We continue a collection of news. If you are easily depressed, skip the first bit, read the end only…
There are signs that China is slowing down. All you people who thought (more like hoped?) that Asia could take over the role of locomotive of the world economy from a temporarily disabled United States, might have to think again
Chinese exporters say they are facing their toughest year in memory because of the combination of rising domestic costs and softer global demand.
Export grew to $121.5bn (£62bn), an 18.2% year on year rise but lower than the 28% rise seen in May. This was apparently so worrying that:
The government may now try to slow the growth of China’s currency, which is making Chinese exports more expensive… The Chinese government has recently allowed the yuan to grow against the dollar as it seeks to tackle inflation in China which is near 12-year highs.
High inflation and slowing growth, haven’t we seen that somewhere else, recently..
Growth is already negative in Signapore, the whole of Asia is feeling the slowdown.
Inflation is even arriving in Japan where deflation had reigned supreme for over a decade
Even in Japan, which has battled deflation for years, data showed wholesale prices last month jumped to the highest in 27 years, spelling steeper costs for businesses, which have struggled to pass them on to consumers.
Europe is slowing down. If you thought Europe was holding up well, think again:
Shares in Carrefour sank 8.6 percent on Thursday after the French retailer’s second-quarter sales at its hypermarkets showed clear signs of a consumer spending slowdown. The stock has lost 28 percent in a month.
In fact, Europe might already experience a shrinking economy, at least its largest economy:
A German government source said on Thursday the euro zone’s largest economy probably shrank in the second quarter.
Now the good news, at least, according to ING Bank:
The equity market is getting close to capitulation as consumer-related worries continue to hit food and retail shares while fears of bank failures knock financial stocks lower, said ING’s Ad van Tiggelen.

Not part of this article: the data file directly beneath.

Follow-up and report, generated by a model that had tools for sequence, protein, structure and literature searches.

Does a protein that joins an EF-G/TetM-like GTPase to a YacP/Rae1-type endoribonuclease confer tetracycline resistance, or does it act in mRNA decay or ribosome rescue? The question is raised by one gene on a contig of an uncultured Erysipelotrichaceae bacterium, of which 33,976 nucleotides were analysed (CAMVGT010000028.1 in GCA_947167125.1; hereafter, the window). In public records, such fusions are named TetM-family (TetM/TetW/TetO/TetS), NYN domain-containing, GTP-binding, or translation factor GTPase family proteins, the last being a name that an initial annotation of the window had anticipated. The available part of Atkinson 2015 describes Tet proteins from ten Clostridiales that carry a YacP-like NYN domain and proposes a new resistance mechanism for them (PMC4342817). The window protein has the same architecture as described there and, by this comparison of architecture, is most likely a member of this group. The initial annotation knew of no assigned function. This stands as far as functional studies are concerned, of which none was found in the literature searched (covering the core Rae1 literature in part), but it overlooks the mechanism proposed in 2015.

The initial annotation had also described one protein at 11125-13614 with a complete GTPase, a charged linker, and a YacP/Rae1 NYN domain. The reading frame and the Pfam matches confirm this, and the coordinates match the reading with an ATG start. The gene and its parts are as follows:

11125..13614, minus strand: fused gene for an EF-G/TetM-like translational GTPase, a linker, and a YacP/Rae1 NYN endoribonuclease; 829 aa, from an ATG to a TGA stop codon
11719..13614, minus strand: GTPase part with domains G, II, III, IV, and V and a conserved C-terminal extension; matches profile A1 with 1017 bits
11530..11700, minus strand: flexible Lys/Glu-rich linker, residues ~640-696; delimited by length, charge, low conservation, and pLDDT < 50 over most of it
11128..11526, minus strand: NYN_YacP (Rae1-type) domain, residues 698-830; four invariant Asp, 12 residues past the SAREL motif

“If you look at oversold levels, we are already there. We’re clearly in a bear market which may last until the end of this year or sometimes next year, and we might be reaching the bottom at the moment,” van Tiggelen, senior strategist at ING Investment Management, told Reuters on Thursday.
“The problem is there is no place to hide, utilities are going down, staples are going down, now even the materials and oils are going down. Unlike in March, insider buying is very muted because management themselves are much more pessimistic now,” he said.
“We think we are close to capitulation levels and that valuations are becoming quite supportive now,” he said, pointing out that stocks will soon be poised for a bear market rally.
Capitulation is a market concept describing heavy, sometimes panic selling of stocks and sharp declines. It heralds the bottom and a beginning of an upturn as the belief is that everyone who wants to sell has sold.
Now, if this is too much gloom and doom, you might want to realize that elsewhere, some people are really trying hard to make their country a happier place, with what can only be described as an innovative approach:
She performed a series of striptease dances on the Santiago underground, the metro. Ms Morilles, 26, called her performances “happy minutes.” A professional pole dancer, she boarded the train at one station, and stripped down to skimpy underwear in time to exit at the next station. “This is just a beginning. We are starting an idea here that will grow and be developed further,” she told Reuters news agency as she was being taken into custody. “Chile is still a pretty timid country,” her manager, Gustavo Pradenas, said. “People aren’t very extroverted and we want to take aim at that and make Chile a happier country.”
Oh well.. Wait for the first “girls gone wild” video from Santiago to turn up (in a police station, we bet..)